Agile (software development)

  • Most Topular Stories

  • What is Agile’s Biggest Shortcoming?

    Managed Chaos
    Naresh Jain
    11 Apr 2015 | 12:31 am
    I’m surprised when people think Agile is perfect and if there are any shortcomings, its not the problem with Agile, instead, it is the person/team/org’s understanding or implementation issue. Some where along the way, the aspect that “We are uncovering better ways of developing software” was lost and agile became this static, rule-based prescriptive and dogmatic cargo-cult thing. IMHO Agile has made a significant difference (some of it a a placebo effect as well) to the software industry however it has some serious limitations when you try to apply in beyond simple…
  • Handling risks within the Scrum team – Product Owner / Scrum Master / Who ?

    Learn Software Development
    ashish
    25 Apr 2015 | 1:01 pm
    Risk management is always a ticklish issue in terms of who drives the process and owns it. In a typical non-scrum project, the Project Manager is the one expected to drive and own the risk management process, and also has authority for ensuring that the risks that come up in the project are evaluated and handled to ensure that the project is on plan. For teams which have moved from the typical Waterfall Project Manager led project to a Scrum methodology based process, even with training and all, they will have an inherent expectation that the Scrum Master (in the cases where the Project…
  • The Art and Science of Software Development

    Axosoft Blog - Agile, Scrum and Business of Software
    Technology Advice
    30 Apr 2015 | 7:00 am
    Tania Katan, Brand Evangelist, and John Haley, Developer at Axosoft, were recent guests on the TechnologyAdvice Expert Interview Series to share their insights on project management. This series, which is hosted by TechnologyAdvice’s Clark Buckner, explores a variety of business and technology landscapes through conversations with industry leaders. Tania and John joined Buckner to discuss the different terms and aspects of agile project management software at Axosoft. Here are a few of the highlights from our conversation: TechnologyAdvice: Axosoft is a custom project management solution…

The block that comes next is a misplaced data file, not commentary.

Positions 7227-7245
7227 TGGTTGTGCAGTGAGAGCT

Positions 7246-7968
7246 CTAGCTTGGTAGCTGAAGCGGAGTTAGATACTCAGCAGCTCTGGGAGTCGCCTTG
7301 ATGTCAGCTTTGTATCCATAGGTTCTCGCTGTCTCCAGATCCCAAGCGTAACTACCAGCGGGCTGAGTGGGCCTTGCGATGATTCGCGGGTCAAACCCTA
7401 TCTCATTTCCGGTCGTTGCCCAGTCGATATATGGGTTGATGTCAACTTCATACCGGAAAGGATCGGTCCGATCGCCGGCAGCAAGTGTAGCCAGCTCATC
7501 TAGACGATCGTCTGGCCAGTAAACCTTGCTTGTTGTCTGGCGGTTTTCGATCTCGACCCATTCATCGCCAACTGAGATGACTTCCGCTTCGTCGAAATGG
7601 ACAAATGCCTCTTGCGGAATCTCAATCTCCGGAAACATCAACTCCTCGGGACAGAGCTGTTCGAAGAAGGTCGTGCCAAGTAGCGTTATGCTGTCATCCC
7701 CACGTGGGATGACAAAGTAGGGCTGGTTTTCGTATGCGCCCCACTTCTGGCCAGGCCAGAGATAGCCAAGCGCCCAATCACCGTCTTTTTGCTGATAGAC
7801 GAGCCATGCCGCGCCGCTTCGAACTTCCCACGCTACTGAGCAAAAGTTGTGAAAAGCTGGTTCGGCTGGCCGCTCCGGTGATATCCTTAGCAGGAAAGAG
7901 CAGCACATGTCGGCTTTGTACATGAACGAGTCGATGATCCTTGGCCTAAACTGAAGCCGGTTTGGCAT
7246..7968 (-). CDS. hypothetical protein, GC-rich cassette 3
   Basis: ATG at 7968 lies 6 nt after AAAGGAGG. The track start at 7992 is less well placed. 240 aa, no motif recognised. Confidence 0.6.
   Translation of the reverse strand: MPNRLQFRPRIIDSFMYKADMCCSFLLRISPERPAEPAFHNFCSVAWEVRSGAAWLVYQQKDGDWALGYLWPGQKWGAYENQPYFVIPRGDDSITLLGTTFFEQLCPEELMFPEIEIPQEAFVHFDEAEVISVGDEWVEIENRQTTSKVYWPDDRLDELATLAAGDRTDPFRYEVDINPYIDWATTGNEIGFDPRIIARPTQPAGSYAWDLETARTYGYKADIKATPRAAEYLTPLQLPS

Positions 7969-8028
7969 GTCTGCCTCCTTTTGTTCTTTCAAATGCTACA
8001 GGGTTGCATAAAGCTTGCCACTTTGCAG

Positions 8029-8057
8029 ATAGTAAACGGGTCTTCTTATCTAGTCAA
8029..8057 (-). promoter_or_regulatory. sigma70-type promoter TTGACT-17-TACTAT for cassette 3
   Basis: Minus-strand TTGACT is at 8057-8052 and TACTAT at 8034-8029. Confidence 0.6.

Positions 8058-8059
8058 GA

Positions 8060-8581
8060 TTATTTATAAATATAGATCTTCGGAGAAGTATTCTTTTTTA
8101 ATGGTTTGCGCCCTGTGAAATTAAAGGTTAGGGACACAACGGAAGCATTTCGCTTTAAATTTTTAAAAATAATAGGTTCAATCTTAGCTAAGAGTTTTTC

• Daily Standup Vs. Daily Standup

    ScrumZen
    Utpal Vaishnav
    8 Jan 2015 | 12:42 pm
    There’s a fundamental difference between participating in daily standup meetings because you want to and attending daily standup meetings because you have to. You want to attend Daily Standup because you believe you’ll inspect and adapt. You have to attend Daily Standup because your organization is following Scrum or your boss has asked you. Former helps the project and the latter does not. When you do the former, everyone benefits. You. Your project. Your organization. Your customer. Your customer’s customer … everyone. There’s no “have to” in…
  • Take an Agile Road Trip With Us!

    Agile Development Blog: Scaling Software Agility
    Morgan Campbell
    21 May 2015 | 12:30 pm
    Change is happening fast and furious in the business world. With so much pressure to keep up, it can be hard to take your foot off the gas pedal, even for a few days. Occasionally, though, it’s important to pull over and check the map to make sure you’re still on the right road. If you’ll excuse the extended metaphor, we’d like to humbly offer RallyON!™ 2015 as a rest stop on your way to business agility. Register today for the RallyON 2015 Agile conference — and get ready to drive at the new pace of change. Join us as we condense the industry’s most dynamic ideas,…